Double Uterus (Didelphys)
A double uterus, otherwise known as a uterus didelphys is a congenital uterine defect causing a bifurcation of the lumen of the uterus. It is considered a very rare condition, occurring in only 0.1-0.5% of women in the US, however, this is considered under representative as many women may remain asymptomatic, resulting in nondetection of the condition.
Women with the condition may experience dysmenorrhea and dyspareunia3. The majority of cases remain asymptomatic with no obvious signs of abnormality, however, some women may present with a double cervix, or double vagina depending on the extent of the malformation.
Some cases have been reported concurrent with unilateral hematocolpos and ipsilateral renal agenesis4.
The cause of a double uterus is well understood by medical science. It is caused during embryogenesis when the two Müllerian ducts fail to properly fuse together to form a cohesive uterine lumen.
The two Müllerian ducts then form their own independent, but still conjoined uterus, typically sharing the same cervical opening. In some cases, they may form independent cervical openings and vaginal canals.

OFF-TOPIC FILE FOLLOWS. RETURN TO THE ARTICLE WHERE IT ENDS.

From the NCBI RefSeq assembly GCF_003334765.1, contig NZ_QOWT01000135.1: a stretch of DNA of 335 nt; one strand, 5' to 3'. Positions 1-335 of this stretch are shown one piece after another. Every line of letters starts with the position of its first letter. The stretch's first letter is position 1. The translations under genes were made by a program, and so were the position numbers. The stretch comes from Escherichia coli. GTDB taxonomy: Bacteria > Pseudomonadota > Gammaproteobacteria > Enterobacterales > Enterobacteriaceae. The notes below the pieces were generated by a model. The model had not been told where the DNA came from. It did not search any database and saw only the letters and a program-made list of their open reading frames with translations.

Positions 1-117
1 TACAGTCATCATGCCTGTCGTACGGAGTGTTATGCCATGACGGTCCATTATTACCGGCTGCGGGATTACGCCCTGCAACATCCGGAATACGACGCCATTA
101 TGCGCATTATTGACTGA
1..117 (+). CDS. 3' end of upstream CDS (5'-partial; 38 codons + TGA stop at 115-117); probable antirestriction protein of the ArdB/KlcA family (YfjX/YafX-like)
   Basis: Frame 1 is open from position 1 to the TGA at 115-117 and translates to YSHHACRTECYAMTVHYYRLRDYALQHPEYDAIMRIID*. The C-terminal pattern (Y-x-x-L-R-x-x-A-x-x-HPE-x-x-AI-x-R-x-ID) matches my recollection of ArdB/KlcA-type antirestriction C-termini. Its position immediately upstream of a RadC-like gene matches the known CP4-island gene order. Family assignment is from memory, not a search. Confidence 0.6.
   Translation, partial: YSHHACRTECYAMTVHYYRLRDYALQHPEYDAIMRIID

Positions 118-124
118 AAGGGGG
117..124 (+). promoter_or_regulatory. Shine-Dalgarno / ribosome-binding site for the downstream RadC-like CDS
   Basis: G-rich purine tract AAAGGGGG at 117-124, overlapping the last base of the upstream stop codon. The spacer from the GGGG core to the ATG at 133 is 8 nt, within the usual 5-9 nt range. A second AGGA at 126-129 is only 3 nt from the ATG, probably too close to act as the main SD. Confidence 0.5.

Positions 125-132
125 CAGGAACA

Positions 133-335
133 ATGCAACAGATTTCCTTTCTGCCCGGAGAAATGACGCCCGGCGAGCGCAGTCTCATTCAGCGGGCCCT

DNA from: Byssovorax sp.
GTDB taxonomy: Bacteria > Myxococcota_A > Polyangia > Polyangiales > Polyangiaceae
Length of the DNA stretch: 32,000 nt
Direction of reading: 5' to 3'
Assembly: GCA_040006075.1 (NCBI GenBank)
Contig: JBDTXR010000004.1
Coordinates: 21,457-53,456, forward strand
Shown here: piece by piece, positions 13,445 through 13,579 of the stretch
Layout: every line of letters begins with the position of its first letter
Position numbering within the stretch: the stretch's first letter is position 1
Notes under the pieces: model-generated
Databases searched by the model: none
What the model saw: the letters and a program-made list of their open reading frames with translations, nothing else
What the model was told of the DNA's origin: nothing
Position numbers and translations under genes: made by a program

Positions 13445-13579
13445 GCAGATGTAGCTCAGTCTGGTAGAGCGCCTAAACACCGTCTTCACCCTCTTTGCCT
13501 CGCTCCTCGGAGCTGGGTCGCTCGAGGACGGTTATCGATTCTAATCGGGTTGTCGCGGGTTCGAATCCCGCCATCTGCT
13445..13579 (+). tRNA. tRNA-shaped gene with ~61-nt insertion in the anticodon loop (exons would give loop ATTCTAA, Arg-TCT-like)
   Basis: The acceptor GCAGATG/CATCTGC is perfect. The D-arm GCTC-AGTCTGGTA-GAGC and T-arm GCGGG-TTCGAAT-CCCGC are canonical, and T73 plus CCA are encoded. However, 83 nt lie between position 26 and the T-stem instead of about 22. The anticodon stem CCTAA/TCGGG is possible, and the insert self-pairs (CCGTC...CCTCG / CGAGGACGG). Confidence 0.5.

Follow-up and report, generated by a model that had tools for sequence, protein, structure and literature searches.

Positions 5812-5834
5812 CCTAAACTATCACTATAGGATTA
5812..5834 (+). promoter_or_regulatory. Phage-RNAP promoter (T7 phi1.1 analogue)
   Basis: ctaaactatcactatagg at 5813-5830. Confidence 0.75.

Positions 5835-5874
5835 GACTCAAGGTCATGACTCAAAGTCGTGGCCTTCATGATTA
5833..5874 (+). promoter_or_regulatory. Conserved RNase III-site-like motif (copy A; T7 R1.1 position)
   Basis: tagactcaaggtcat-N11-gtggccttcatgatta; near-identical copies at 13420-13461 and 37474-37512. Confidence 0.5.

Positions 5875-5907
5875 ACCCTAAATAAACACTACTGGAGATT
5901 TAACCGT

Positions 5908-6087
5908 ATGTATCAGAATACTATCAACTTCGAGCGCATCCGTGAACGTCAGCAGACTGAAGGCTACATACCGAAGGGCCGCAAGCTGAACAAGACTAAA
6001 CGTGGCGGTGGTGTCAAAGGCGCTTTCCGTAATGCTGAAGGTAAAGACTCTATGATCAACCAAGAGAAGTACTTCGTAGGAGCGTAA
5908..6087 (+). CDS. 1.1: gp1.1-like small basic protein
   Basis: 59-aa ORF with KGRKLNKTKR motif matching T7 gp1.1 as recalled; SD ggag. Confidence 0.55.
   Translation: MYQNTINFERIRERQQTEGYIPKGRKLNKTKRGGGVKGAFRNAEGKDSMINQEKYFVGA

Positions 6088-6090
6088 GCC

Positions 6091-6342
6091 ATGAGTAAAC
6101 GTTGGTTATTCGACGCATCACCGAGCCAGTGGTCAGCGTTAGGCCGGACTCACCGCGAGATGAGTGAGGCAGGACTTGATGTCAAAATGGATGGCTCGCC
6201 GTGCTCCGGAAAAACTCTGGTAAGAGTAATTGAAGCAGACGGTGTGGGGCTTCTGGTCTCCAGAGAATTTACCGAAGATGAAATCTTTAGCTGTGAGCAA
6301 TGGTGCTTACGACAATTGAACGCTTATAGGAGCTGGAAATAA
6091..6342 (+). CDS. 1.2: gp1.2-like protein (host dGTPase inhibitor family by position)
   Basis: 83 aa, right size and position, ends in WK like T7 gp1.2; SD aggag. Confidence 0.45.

Women with the condition may also have defects of the vagina, renal system, or in rare cases, skeletal defects.
The exact cause of the ducts failure to fuse is not well understood.
Women who have a double uterus frequently have successful pregnancies. The condition can increase the risk of miscarriage and premature birth2. In a study of 18 pregnant women with a double uterus, 21% of the pregnancies resulted in a premature birth. 82% of those required a caesarean section with a 67% foetal survival rate3.
Double uterus has also been associated with higher rates of infertility, miscarriage, intrauterine growth retardation and postpartum bleeding5.
It is possible for each uterus to separately gestate and carry a pregnancy to term, independent of each other. It is not uncommon for the deliveries to occur at different times, sometimes days to even weeks apart. Each uterus has the same statistical chance of developing twins, both independent of each other. This means it is possible to develop two separate sets of twins simultaneously, but this is very unlikely.
In 2006, a UK woman with a double uterus gave birth to a pair of identical twins and another infant from a separate egg1.